Re: PHIL: Dynamic Optimism as a tool in logical reasoning

From: Menno Rubingh (
Date: Fri Jan 14 2000 - 16:02:19 MST

On Fri, 14 Jan 2000, Frank Prengel -- to whom cordial greetings ! -- wrote:

> There are psychological studies [...] showing that pessimistic
> people perform better than those who call themselves
> optimists in some tasks (among them being certain branches
> of science). [...] I think there is a strong
> link between criticism and pessimism.

I agree that pessimism is probably a better tool to achieve *some* tasks such
as citicizing (where 'criticizing' is used in the meaning of 'uncovering the
downsides of things'). Immediately, I conjecture that these tasks in which
pessimists are more successful are exactly those tasks that diminish the
health and growth rate of the individual executing these tasks -- i.e., that
these tasks are self-debilitating. I claim that those activities for which
pessimism is a better tool are also always precisely those activities that do
not lead to success (= improvement of strength, health etc.) for the person
carrying out the activity.

Criticizing is only done by a (rational) optimist when the criticism opens up
more positive vistas than it closes down.

> It would be fine to develop a kind of optimism that is equally critical,
> without the downsides of pessimism.

Well, try out Max More's ''Dynamic Optimism''. Wouldn't that be just what we
seek ?

> Some might be more inclined to making hypotheses,
> others may prefer criticizing and disproving them.

Hmm, this implies a symbiosis between (I) optimists creating hypotheses; and
(II) pessimists breaking the hypotheses down. But, in this symbiosis, the
party II will be compelled (by evolutionary/free-market forces) not to waste
time on uselessly large amounts or uselessly 'black' kinds of criticism. A
worker in party II who through his criticism can immediately indicate ways for
how to improve the thing criticized, will have a selection advantage.

Also, the party I in this symbiosis needs party II less than vice versa.
Party I can get along by substituting for party II the action of just going
out and trying out their hypotheses in practice. In contrast, party II can
not do without party I -- a society consisting only of party II will never
create anything new.

> So [...] it seems to me that optimism is well suited
> for technologists, but not necessarily for scientists. :)

Look at science as a technology producing scientific theories as its
technological products. It's only necessary to construct *one* working sample
(version) of a theory -- out of a whole universe of possible theories --, and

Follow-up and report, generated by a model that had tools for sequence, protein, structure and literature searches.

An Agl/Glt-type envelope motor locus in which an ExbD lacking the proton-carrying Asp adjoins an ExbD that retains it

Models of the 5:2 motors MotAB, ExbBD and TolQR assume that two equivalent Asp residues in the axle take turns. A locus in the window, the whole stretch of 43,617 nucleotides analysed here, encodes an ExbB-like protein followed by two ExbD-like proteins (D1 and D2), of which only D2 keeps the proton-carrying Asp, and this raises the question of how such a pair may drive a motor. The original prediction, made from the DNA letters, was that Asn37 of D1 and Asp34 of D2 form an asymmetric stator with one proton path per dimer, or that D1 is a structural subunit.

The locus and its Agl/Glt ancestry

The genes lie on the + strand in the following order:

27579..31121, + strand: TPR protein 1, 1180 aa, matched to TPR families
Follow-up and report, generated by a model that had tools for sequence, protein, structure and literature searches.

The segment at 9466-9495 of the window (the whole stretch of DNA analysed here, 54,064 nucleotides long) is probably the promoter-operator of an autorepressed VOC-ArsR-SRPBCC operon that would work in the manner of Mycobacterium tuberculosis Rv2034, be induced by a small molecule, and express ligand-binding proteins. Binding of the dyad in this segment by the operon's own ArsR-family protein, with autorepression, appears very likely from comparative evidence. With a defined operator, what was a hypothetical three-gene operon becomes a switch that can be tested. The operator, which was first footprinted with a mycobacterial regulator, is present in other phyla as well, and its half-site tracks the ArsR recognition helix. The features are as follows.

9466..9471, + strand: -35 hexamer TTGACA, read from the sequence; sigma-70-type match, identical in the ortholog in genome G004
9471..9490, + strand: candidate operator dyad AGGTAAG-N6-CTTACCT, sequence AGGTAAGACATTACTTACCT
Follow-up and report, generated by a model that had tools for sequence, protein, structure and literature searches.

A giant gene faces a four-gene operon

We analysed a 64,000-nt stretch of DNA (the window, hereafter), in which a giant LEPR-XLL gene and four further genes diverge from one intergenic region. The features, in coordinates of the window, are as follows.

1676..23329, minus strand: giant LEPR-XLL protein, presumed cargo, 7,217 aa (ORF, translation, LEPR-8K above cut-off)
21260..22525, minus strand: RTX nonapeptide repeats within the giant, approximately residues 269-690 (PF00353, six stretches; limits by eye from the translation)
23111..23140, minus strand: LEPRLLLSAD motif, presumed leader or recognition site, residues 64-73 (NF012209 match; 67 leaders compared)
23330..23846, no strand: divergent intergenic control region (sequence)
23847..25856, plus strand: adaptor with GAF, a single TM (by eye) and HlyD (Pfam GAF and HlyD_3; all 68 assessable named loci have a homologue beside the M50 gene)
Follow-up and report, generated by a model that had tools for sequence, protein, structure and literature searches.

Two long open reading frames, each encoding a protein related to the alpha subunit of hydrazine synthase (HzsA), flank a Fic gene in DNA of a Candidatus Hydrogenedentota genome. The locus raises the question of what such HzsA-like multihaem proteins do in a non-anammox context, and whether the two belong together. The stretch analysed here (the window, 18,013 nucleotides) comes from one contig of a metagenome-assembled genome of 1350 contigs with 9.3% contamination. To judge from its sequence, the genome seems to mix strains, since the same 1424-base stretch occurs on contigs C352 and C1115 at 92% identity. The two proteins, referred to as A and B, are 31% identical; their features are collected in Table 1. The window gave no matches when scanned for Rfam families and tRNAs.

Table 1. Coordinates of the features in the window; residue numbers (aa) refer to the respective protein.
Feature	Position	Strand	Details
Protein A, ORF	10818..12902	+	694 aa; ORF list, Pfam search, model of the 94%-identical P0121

it only has to be a theory that works *approximately* in most cases (i.e.,
that yields acceptable predictions), and/or that is only slightly better than
older the version of a theory in the same field, and it only has to be a
theory applicable in one small field. Also, the theory doesn't have to
pretend to be unimprovable, or to be 'final' any other way. Just discover an
ugly add-on to an existing theory that makes the theory fit more snugly to
some new measurements, call your add-on the ''X''-effect (substitute your own
name for X), and ready ! you've constructed another new and very useful piece
of science. Then go construct a theory generalizing two of these ugly 'ad
hoc' theories (which is an activity that doesn't require any new evidence) --
and again you've done it, again you've produced a new bit of science.

> Bartley describes this as one possible metacontext and lists
> two others: [...]

Okay, you convinced me to really go read Bartley ! But I propose yet
another metacontext, and one in which both Pancritical Rationalism and my
'D.O. logic' survive: namely, the context formed by chucking out all
moralism and by equating 'good' and 'true' with 'egoistically useful'.
That is, the only 'good' is that which supports life. Life is equated
with 'good'. Anything that survives and/or thrives is thereby 'good' -- the
very fact that it continues to survive is taken as the reason for
labelling it with the judgment 'good'. Anything that does not survive is
always automatically 'wrong' and 'bad' by the very fact of non-survival. A
theory that leads to non-survival or non-growth is 'bad' and 'false' by the
very fact that it doesn't lead to growth or survival. In this
metacontext, one looks for new scientific theories not in order to
improve the world, but in order to find more tools which help you to
egoistically survive and grow more effectively.

Arrivederci !, Menno (

> (And I'm still grateful for that copy of ch. 7 of
> "Consciousness Explained" that you gave me in Weesp :)
Very welcome !  That book is quite successful in using a portion of my 
resources as its replicator mechanism. :-) 

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